The Handmaid’s Tale by Margaret Atwood.

I remember the first time I had read The Handmaid’s Tale — I was twelve, I was at my grandparents’ house in the Philippines, and I had found a beat-up copy amongst my mother’s things. My mother’s books were always forbidden to me, mostly because she read (and still reads) the sort of literature that includes a lot of bodice-ripping, flashing eyes and strong, muscular arms. There was something about the cover of Margaret Atwood’s novel, though, that I couldn’t resist, and for about a week or so, I would sneak-read it whenever I stole a chance. I ended up smuggling the book back to the States with me, buried deep within my T-shirts and shorts.

For me, The Handmaid’s Tale has held up over the years; its dystopian and distant future always makes me think about what we consider to be important and how much of that actually is expendable. The novel, interestingly enough, takes place in Cambridge and Harvard Square, areas I never imagined at age twelve that I would eventually become intimately familiar.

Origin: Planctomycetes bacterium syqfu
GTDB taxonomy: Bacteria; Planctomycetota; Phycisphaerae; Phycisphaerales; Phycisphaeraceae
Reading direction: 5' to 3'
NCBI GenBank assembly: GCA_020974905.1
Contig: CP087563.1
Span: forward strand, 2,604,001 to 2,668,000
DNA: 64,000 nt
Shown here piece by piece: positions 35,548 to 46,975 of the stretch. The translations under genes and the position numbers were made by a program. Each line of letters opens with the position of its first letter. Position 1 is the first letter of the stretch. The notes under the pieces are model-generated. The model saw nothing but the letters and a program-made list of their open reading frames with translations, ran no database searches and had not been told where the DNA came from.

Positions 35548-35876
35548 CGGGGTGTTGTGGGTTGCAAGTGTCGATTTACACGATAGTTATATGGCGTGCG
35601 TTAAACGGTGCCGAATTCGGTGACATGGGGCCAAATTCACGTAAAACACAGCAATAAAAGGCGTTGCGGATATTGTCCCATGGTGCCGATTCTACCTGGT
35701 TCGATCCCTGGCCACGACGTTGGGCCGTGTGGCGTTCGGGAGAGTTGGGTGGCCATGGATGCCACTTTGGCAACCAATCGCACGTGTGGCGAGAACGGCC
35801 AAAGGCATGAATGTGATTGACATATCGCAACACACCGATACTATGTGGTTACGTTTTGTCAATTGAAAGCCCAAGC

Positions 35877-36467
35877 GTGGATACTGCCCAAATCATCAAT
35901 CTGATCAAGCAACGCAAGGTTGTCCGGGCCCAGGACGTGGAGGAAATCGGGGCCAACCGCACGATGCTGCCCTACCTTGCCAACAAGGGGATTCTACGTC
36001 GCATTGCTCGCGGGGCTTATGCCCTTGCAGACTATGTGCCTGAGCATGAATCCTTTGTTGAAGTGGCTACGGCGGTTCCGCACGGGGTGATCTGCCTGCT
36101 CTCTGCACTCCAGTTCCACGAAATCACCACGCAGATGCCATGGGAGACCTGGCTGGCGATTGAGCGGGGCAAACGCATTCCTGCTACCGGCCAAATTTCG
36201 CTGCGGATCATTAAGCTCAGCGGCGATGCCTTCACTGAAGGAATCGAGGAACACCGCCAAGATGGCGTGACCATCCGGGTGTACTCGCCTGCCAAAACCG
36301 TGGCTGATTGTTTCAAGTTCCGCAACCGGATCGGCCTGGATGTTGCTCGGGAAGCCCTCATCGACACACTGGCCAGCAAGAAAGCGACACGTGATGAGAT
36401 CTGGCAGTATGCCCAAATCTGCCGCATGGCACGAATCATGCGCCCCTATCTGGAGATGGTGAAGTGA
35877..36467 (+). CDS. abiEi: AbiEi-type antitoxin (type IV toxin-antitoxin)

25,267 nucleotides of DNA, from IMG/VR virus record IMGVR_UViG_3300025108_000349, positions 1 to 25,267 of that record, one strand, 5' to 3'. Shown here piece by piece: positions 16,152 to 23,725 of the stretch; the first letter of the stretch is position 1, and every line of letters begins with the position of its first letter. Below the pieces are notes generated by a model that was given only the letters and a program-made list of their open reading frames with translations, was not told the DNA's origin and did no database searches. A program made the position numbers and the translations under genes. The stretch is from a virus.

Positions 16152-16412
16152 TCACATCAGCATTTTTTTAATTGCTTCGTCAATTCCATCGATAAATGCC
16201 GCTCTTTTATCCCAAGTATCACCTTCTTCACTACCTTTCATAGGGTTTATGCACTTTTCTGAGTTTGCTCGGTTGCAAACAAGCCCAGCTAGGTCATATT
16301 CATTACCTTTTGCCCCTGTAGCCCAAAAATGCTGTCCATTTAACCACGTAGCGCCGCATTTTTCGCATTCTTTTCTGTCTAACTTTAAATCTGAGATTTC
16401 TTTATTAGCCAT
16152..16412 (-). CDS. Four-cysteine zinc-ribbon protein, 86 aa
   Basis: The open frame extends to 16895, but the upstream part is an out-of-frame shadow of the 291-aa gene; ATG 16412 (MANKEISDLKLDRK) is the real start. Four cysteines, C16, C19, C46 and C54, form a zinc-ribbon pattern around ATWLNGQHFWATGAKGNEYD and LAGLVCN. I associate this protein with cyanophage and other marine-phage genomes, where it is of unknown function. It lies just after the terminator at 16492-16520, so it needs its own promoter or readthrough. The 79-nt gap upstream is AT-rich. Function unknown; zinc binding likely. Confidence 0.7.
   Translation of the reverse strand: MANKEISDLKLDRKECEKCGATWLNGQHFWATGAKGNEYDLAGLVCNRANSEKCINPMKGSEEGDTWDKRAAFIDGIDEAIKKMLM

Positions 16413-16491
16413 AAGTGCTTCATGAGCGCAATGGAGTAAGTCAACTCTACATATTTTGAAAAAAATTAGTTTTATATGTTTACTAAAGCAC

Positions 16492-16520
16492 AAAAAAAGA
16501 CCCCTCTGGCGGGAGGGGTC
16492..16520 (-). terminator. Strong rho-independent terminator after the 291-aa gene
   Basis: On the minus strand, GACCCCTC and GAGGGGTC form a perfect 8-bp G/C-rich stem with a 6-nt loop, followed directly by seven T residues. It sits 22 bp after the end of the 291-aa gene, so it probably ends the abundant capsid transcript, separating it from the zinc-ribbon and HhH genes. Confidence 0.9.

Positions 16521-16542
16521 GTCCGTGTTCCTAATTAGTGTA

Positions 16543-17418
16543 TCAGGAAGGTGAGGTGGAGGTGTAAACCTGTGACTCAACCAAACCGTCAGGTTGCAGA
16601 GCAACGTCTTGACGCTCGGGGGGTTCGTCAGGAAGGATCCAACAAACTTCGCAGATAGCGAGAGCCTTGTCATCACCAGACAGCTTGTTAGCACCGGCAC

Atwood tells the story of a mother who has been — over the course of a short period of time and an internal war within the United States — separated from her young daughter and husband, who may or may not be dead. She goes through what I suppose could only be called behavioral rehabilitation so that she can learn her new role in society, and what it means to be a handmaid. In the story, some women have somehow become barren, making children especially precious and valuable. The narrator and her equals are used for reproduction; they are the few whose ovaries are still viable, and are allocated to high-ranking members of the military. The narrator is given the name “Offred,” which I always inevitably read as “off-red” even though I now know it is actually intended as “of-Fred,” as in “belonging to Fred.” Fred, as it happens, is the name of the military official to whom Offred is designated, though she refers to him solely as The Commander.

Ultimately, The Handmaid’s Tale is about more than women’s roles in society, though it is incontestably about exactly that. Atwood writes about the power religion holds over us, as well as the multiple meanings behind the word and the act of sex. She writes about motherhood, daughterhood and sisterhood, as well as the traps our own minds will set for us during a time of great distress. Told through a mixture of haunting flashbacks and equally disturbing depictions of the novel’s present, The Handmaid’s Tale ultimately describes the lengths some women will go through to survive.

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